Trekking in the Himalayas – what should you know before you start?

The Himalayas offer vast trekking trails even for less demanding mountain hikers. In Nepal’s bookshops, entire walls are covered with maps of individual trails, and the imagination is particularly kindled by the routes around Mount Everest and Annapurna. Two famous peaks are located several hundred kilometers from each other, which is why you have to choose the most often. We decided on the second one. How to “bite” the Himalayas and what should you know before going on a multi-day trip?

Good information at the beginning – you don’t need to be a seasoned professional to enjoy your adventures in the highest mountains on earth. The experience gained, for example, in our native Tatras will certainly be useful, but on the way, we met people for whom the Himalayas were the first mountains in life. This does not mean that the trekking trails are light, easy and pleasant. On the contrary. Good condition and respect for the altitude (altitude disease) are important elements of a successful hike. It is also worth being prepared for large temperature fluctuations, including very cold nights and poor sanitary conditions (the standard is usually much lower than in our shelters).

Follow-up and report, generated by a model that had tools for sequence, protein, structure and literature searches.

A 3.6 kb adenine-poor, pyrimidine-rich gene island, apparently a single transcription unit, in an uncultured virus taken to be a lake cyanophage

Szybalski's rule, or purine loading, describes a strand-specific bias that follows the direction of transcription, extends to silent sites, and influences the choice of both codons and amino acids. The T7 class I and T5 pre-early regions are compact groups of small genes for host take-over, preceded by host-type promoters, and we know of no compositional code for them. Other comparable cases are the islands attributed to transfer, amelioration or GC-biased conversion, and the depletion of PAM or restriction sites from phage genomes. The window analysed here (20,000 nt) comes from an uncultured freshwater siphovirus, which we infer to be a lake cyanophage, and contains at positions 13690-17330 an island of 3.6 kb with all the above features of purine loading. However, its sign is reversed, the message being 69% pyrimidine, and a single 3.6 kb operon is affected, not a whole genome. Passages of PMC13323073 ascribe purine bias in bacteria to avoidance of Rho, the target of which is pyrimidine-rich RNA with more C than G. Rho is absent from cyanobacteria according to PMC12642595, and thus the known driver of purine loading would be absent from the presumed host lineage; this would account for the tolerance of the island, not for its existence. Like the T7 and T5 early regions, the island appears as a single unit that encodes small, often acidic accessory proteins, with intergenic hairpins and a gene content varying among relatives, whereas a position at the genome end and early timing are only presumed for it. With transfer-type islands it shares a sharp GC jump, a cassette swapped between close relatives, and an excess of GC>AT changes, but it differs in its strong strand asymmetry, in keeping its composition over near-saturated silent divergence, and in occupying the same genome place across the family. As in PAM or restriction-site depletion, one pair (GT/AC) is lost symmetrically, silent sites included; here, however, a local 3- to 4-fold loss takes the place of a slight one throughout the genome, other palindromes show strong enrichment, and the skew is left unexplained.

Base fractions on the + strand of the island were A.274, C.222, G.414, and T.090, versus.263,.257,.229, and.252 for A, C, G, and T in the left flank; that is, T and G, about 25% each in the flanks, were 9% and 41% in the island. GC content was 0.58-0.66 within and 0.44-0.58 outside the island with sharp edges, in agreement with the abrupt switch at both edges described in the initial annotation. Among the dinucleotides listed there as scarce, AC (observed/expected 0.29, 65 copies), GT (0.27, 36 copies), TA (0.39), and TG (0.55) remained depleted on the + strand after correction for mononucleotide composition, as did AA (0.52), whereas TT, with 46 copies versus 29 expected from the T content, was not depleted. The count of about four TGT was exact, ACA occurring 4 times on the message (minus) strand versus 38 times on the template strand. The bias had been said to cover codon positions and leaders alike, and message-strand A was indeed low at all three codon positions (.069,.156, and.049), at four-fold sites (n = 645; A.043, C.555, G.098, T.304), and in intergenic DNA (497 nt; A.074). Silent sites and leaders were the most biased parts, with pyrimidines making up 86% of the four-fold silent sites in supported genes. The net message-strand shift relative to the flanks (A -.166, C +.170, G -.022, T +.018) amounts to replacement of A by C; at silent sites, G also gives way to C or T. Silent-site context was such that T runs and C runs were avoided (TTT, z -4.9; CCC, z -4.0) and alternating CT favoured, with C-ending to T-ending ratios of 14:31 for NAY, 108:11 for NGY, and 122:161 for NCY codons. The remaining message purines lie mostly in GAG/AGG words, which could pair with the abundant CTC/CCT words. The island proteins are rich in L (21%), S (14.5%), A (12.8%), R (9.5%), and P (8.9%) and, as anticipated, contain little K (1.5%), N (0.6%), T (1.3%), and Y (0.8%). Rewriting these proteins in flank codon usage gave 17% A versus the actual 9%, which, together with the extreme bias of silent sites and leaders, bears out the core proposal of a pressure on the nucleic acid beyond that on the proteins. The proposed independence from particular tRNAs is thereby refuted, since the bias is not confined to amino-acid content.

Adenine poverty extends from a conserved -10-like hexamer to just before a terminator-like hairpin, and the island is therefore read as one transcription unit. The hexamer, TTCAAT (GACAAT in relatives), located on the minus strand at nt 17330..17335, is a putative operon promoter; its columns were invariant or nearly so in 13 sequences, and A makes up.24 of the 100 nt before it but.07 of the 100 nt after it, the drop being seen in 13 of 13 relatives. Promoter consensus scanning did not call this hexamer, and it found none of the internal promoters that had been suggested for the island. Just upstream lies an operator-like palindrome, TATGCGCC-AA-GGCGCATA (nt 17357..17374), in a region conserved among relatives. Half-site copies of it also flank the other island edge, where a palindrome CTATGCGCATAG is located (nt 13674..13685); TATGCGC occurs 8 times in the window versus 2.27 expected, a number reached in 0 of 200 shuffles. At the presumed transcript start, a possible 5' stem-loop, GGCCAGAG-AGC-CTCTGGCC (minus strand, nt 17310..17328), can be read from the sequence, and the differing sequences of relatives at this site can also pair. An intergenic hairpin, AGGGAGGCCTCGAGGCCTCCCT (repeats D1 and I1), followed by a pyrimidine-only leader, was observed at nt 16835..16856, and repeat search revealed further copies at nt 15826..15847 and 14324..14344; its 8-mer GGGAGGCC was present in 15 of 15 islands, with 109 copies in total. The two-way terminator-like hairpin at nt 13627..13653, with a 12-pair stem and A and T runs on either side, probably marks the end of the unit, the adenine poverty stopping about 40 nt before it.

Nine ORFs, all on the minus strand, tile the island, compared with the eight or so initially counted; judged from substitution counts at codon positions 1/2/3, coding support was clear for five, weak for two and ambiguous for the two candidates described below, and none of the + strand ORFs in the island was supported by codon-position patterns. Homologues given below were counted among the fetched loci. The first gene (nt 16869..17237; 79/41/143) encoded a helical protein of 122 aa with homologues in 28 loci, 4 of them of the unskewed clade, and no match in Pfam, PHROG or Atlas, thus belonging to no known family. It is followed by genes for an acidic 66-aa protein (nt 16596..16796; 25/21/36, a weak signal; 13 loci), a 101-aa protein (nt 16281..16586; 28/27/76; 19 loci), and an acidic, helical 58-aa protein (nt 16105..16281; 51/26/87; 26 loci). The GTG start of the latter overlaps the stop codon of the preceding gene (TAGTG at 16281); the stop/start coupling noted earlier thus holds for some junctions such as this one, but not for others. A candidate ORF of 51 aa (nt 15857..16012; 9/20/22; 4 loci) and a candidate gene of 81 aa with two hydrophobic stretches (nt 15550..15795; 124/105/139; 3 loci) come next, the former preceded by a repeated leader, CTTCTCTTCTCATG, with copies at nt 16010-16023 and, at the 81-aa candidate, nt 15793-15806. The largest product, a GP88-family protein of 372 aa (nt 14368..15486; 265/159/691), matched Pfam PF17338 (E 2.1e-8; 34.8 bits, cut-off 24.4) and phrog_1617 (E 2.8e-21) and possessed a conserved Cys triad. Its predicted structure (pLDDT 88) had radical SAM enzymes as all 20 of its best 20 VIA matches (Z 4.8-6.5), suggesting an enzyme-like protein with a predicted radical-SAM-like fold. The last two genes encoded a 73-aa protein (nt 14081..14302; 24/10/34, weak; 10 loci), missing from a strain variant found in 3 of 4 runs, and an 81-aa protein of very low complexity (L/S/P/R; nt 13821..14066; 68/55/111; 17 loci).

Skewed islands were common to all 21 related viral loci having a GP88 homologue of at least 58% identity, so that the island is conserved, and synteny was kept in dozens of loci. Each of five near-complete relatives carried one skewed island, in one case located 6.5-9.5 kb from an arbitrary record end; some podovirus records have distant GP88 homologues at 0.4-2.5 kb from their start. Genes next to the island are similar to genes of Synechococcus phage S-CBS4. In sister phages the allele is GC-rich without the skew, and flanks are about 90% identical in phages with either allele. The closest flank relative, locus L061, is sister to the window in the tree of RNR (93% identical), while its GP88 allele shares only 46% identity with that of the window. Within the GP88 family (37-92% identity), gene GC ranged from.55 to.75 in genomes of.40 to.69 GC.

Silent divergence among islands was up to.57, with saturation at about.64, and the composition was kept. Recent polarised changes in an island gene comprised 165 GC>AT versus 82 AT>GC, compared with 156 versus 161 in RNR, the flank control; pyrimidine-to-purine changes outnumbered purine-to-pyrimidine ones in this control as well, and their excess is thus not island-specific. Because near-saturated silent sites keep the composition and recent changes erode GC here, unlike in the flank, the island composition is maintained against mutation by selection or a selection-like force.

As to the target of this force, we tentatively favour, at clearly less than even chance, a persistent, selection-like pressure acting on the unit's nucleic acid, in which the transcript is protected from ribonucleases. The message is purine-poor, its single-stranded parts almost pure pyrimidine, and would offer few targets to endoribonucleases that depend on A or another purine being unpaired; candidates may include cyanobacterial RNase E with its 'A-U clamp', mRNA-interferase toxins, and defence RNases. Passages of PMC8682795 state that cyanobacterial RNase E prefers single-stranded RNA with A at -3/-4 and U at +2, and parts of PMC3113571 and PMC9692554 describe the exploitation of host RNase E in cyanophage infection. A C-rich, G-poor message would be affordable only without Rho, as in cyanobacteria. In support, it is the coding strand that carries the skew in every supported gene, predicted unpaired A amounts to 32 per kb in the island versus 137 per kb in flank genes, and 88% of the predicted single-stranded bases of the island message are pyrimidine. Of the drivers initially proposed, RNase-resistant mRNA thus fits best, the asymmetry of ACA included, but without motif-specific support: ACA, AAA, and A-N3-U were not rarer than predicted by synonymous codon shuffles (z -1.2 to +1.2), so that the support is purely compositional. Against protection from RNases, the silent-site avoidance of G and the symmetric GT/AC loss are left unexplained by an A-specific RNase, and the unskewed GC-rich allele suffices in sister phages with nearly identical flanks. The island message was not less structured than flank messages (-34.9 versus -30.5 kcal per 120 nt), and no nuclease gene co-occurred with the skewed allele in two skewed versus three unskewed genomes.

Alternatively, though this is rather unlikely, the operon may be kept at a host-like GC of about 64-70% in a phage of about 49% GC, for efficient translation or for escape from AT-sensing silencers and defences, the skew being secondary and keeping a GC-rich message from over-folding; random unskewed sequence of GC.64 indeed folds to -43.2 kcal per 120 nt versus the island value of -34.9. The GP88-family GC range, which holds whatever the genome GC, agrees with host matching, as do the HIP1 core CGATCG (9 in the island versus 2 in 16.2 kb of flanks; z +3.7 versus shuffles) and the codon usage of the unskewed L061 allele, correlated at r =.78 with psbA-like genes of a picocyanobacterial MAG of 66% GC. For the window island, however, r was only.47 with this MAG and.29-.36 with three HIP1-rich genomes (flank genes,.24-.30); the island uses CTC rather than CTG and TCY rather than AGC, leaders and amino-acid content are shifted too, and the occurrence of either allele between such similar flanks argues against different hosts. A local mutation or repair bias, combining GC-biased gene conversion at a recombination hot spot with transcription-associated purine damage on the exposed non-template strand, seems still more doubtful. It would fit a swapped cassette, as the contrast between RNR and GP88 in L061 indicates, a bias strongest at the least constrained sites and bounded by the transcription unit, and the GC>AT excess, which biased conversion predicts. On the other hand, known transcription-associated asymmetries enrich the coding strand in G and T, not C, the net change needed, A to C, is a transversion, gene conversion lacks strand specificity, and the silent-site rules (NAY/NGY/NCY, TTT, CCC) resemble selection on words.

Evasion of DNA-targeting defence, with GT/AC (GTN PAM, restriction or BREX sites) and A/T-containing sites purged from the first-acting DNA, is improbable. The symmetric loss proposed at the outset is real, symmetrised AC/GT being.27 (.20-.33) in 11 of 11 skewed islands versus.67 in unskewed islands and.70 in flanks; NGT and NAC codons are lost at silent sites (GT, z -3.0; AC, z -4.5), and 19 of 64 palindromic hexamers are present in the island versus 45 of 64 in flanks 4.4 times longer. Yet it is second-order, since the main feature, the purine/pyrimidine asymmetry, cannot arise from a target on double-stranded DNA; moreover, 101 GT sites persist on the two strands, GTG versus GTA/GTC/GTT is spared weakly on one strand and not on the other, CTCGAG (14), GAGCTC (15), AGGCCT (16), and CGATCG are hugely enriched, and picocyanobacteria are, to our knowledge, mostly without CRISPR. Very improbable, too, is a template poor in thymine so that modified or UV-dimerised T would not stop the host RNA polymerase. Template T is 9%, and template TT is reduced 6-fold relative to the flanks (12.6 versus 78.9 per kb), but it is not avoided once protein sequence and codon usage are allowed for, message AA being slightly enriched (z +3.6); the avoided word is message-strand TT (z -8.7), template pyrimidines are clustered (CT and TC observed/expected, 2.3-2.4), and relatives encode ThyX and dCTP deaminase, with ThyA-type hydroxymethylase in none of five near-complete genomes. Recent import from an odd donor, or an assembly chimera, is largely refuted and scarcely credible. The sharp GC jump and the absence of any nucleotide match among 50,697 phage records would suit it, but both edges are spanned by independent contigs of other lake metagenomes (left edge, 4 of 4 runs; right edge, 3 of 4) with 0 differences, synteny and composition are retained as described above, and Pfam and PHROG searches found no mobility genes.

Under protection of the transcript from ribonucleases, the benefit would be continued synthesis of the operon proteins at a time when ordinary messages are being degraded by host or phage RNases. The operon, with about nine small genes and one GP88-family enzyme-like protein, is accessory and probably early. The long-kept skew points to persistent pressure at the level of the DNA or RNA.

In the vicinity of Annapurna (west of Kathmandu), the most popular are two routes: the several-day-old Annapurna Circuit and Annapurna Base Camp Trek, which can be crossed in a few days.


Much depends on the time we have. ABC takes from 6 to 10 days – depending on our condition and the body’s reaction to the altitude. In turn, Circuit’s passage is estimated at 18 days (we heard that it could be done in 15). We had no way out, limited by holidays, we decided on ABC, so we have better knowledge about this route.

Landscapes are different for both routes. A circuit is wilder, leads around the whole massif, and during the hike reaches a height of as much as 5146m above sea level. (Thorong La Pass). The ABC is a route that runs through villages on picturesque hills for the first days. Around the trail, there is a normal life for the Gurung people. Only the last two days, over 3000m above sea level, provide truly mountainous views. The trail leads to the Annapurna Shrine (4130m above sea level), which is a glacial boiler with a beautiful view of six and seven-thousand and of course Annapurna herself.

The pace of the route can be adjusted according to your preferences – every few kilometers there are guest houses on the route where you can stop and spend the night. To be independent, we recommend to go to ABC without a guide and a swordsman, the trail is so simple, that having a map with you, it’s hard to get lost. If you have any problems, you can always ask for the way of the locals. Who likes who, but they know the paths there very well.


Although Everest naturally seems to be the first choice when choosing a route for adventure in the Himalayas, the trails around Annapurna host more hikers (which in itself may be their minus). ABC and Circuit are considered easier and more varied in nature. Not without significance is also the simpler and cheaper logistics of the expedition to the region of Annapurna. You can get to Pokhara – the base for trekking (also around Dhaulagiri) by bus (8h) or by plane. In the case of Lukla, Everest’s starting point, it is only possible to get there by air.

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